Unjust bias and fairness
Used for: Development, Validation
AI/ML models replicate relationships from the data on which they are trained, and can latch on easily to biases that are prevalent in a dataset. A more systematic approach is needed to detect unjust bias, particularly due to unintended use of proxies for protected data elements (e.g., using continuous employment as a proxy for gender). This is why explanations with flexible comparison groups are so critical– by examining explanations by varying comparison groups by protected features, bias and fairness for population subgroups can be systematically evaluated.
In the following figure, the explainability solution has enabled the data scientist to identify that the main contributor to the differences between male and female applicants was their marital status. A subsequent investigation into the underlying data highlighted that this was due to a biased training dataset, in which men were four times more likely to be married compared to their female counterparts. Clearly, this was not reflective of the real world, and interventions were made to correct this bias.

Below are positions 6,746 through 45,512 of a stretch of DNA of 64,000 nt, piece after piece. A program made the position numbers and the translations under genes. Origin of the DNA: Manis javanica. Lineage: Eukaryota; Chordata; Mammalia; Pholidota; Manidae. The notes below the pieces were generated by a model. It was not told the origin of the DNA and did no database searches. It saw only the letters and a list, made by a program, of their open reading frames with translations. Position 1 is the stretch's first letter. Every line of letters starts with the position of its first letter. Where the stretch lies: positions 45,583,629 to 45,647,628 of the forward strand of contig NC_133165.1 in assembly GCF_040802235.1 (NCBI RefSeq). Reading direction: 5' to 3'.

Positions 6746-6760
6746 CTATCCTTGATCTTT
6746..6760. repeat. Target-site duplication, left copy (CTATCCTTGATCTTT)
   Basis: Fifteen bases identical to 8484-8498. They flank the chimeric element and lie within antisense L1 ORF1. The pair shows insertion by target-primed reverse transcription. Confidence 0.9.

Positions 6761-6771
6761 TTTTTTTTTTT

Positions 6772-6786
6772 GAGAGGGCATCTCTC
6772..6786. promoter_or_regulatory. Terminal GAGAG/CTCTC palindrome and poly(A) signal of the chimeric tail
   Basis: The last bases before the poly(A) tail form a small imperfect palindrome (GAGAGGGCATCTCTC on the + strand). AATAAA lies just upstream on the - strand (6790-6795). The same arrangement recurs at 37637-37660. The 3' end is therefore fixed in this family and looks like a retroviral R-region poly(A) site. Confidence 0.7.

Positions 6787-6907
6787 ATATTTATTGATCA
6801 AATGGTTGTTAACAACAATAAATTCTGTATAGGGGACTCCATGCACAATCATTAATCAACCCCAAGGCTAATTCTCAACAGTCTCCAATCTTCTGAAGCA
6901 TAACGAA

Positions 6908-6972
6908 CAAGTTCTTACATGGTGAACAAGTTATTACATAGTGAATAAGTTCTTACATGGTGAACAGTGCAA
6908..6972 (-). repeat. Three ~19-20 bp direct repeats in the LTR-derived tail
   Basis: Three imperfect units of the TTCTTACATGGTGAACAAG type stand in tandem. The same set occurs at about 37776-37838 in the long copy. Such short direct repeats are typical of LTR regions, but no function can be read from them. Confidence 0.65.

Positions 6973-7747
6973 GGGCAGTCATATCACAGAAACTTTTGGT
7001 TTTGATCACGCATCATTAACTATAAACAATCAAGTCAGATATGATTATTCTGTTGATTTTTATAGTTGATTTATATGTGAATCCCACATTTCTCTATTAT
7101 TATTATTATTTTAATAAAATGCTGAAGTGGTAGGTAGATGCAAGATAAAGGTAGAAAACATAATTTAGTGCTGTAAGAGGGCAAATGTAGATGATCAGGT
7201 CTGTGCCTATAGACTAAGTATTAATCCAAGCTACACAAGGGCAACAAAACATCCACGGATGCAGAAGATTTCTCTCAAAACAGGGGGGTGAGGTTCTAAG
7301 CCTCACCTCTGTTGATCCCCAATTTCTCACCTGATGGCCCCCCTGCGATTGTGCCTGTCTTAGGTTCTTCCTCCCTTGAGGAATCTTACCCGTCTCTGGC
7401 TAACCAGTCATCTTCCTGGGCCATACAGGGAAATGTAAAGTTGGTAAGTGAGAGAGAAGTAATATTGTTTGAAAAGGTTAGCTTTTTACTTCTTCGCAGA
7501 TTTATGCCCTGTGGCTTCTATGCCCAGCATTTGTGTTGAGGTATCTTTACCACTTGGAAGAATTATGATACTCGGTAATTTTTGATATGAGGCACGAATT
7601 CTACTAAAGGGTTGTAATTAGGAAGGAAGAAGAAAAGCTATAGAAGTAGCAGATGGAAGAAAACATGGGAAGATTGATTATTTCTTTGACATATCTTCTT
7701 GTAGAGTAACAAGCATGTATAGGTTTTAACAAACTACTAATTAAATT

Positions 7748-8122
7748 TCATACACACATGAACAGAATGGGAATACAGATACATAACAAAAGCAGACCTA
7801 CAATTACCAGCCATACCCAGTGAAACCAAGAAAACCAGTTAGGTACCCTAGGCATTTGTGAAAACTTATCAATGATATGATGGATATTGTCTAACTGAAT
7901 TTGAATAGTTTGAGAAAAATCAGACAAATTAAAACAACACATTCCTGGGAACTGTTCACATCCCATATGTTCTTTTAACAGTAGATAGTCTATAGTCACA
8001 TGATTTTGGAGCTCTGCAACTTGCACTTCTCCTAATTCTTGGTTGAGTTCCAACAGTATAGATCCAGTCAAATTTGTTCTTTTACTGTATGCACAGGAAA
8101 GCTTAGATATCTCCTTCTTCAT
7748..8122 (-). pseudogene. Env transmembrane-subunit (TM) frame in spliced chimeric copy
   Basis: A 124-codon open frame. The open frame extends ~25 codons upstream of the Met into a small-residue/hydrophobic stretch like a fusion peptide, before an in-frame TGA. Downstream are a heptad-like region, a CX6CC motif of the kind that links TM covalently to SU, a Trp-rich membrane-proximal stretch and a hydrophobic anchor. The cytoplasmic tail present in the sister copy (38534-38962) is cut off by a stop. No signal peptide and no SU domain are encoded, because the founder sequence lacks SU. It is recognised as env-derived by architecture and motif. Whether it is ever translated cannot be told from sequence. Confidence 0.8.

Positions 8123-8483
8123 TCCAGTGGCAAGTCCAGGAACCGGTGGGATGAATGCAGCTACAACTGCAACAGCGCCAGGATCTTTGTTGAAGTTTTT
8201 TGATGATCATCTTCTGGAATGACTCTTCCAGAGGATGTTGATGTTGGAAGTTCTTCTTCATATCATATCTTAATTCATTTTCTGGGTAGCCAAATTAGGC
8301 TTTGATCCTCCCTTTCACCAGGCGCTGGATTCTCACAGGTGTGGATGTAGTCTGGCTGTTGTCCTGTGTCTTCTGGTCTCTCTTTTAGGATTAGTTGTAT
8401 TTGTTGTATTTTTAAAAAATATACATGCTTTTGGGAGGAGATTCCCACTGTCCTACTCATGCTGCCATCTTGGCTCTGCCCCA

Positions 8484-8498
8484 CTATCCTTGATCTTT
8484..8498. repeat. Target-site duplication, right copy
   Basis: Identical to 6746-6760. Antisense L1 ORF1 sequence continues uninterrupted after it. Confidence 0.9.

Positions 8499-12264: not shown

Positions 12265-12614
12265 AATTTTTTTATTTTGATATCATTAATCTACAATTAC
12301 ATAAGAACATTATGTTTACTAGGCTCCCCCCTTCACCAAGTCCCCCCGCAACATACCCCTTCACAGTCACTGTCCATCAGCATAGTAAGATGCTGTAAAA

FIGURE 4 | Using explainability to identify root causes of disparity between men and women
Used for: Development
ML models are notoriously overparameterized or underspecified. If an AI/ML model can be simplified without significant performance hits, this can relieve a burden on developers and validators. Explanations can actually simplify the model itself by identifying redundant features, the most important features that are primary drivers of model results, and critical model pathways. In addition, “bugs” in faithful explanations can be evidence of underlying model quality issues; on well-behaved and appropriately complex models, these anomalies should not exist.
It is time to rethink the role of explainability in machine learning. Beyond its centrality to the transparency of models, it can also serve as the backbone of broader assessments of model quality, such as those around robustness, fairness, conceptual soundness, and stability. This can help build trust in machine learning models and enable adoption of machine learning at scale.
Not all explanation frameworks are made equal. Interested in learning more?
Read the previous blog post: Machine learning models require the right explanation framework. And it’s easy to get wrong